• Give us one ‘clean’ one

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    ROMY P. MARIÑAS

    ROMY P. MARIÑAS

    Show me the allegedly dirty ones from countries other than Russia and then you in the anti-doping bodies can ban them all from the Rio Olympics.

    But you who are in the right for running after cheats in all sports have opted to pick on Russian track and field athletes for what you call systematic doping with blessings from Moscow authorities.

    To clear the air and spare you from being accused of selective justice, why don’t you make public the Russian “cheats” in the 100-meter sprint, the javelin throw, the high jump, etc. to shame them for trying to make their way to the podium in the most dishonest of ways?

    Of course, you won’t for such reasons as not wanting to prejudge them all, not doing so until the “B” tests shall have been confirmed, not wishing to destroy the careers of the “clean” ones.

    Meanwhile, investigation of other athletics powerhouses like Kenya, many of whose track and field stars are under the radar of the World Anti-Doping Agency, seemed to have been suspended, if not frozen.

    Mexico also seemed to have been spared, too.

    Our conclusion is that the 2016 Olympiad in Brazil would be stripped of expected stellar running of rising stars from Africa if Kenya’s middle-distance runners were stopped from taking part in the first-ever Olympics to be held in South America.

    The blanket ban on Russia makes it worse for marquee performances in Rio this August and worst for the country’s spotless athletes (there must be some if not many) who probably think of nothing but bring honor and glory to their motherland and themselves.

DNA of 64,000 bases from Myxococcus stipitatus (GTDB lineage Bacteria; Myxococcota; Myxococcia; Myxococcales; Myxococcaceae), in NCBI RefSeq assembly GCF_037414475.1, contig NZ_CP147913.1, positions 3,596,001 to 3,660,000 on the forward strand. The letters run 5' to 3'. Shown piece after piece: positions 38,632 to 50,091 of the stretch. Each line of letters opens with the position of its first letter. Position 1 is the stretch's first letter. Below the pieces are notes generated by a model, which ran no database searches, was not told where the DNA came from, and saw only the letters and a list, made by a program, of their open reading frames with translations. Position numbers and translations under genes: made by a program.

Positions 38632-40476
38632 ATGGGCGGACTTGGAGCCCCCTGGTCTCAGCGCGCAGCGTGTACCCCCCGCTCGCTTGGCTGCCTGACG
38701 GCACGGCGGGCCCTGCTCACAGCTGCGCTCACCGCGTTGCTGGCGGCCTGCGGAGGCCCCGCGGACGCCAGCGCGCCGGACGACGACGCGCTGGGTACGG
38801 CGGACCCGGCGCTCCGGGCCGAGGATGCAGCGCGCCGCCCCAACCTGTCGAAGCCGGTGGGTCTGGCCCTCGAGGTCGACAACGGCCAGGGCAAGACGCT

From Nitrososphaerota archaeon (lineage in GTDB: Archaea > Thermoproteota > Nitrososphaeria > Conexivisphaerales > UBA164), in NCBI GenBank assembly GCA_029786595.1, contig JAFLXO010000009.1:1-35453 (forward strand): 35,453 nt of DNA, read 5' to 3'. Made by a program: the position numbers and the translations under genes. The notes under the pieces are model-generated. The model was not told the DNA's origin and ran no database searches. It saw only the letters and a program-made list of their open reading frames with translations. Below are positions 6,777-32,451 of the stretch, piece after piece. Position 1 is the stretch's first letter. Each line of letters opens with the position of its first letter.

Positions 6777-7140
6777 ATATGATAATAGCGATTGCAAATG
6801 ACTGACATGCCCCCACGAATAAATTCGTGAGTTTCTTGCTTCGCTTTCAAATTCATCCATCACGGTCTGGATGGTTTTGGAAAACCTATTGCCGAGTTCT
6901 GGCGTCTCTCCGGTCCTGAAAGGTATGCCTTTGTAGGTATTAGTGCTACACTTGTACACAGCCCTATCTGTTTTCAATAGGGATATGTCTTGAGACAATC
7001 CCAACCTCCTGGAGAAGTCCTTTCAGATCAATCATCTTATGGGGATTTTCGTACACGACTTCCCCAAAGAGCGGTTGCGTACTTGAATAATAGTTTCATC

With just two months to go before the curtains rise on the greatest sports show on earth, the IAAF stands firm on the total prohibition against participation of the Russian track and field athletes.

    That is a greater shame, the Russians having been the top performers in many Olympic Games, and without them being given the benefit of the doubt that they are “clean” means that other top track and field countries only have to give their B effort to win a gold medal.

    That would be a hollow victory for any winner because he won over a field that is second-best, not the crème de la creme of runners, javelin throwers, high jumpers, etc.

    The absolute ban on Russian athletics team, according to the International Olympic Committee (IOC), could extend to other sports, even Winter Olympic events.

    This latest announcement has led Moscow into accusing the IAAF, world track and field’s governing body, and the IOC of Cold War stereotyping.

    The accusation is fair, Russia having been judged by the West as part of the evil empire, as against the Disney world of the Americans.

    It was reported that if WADA weeded out the “dirty” Russian track and field athletes, only “three or four” would be able to make it to Rio.

    Then, make those “three or four” go to Brazil.

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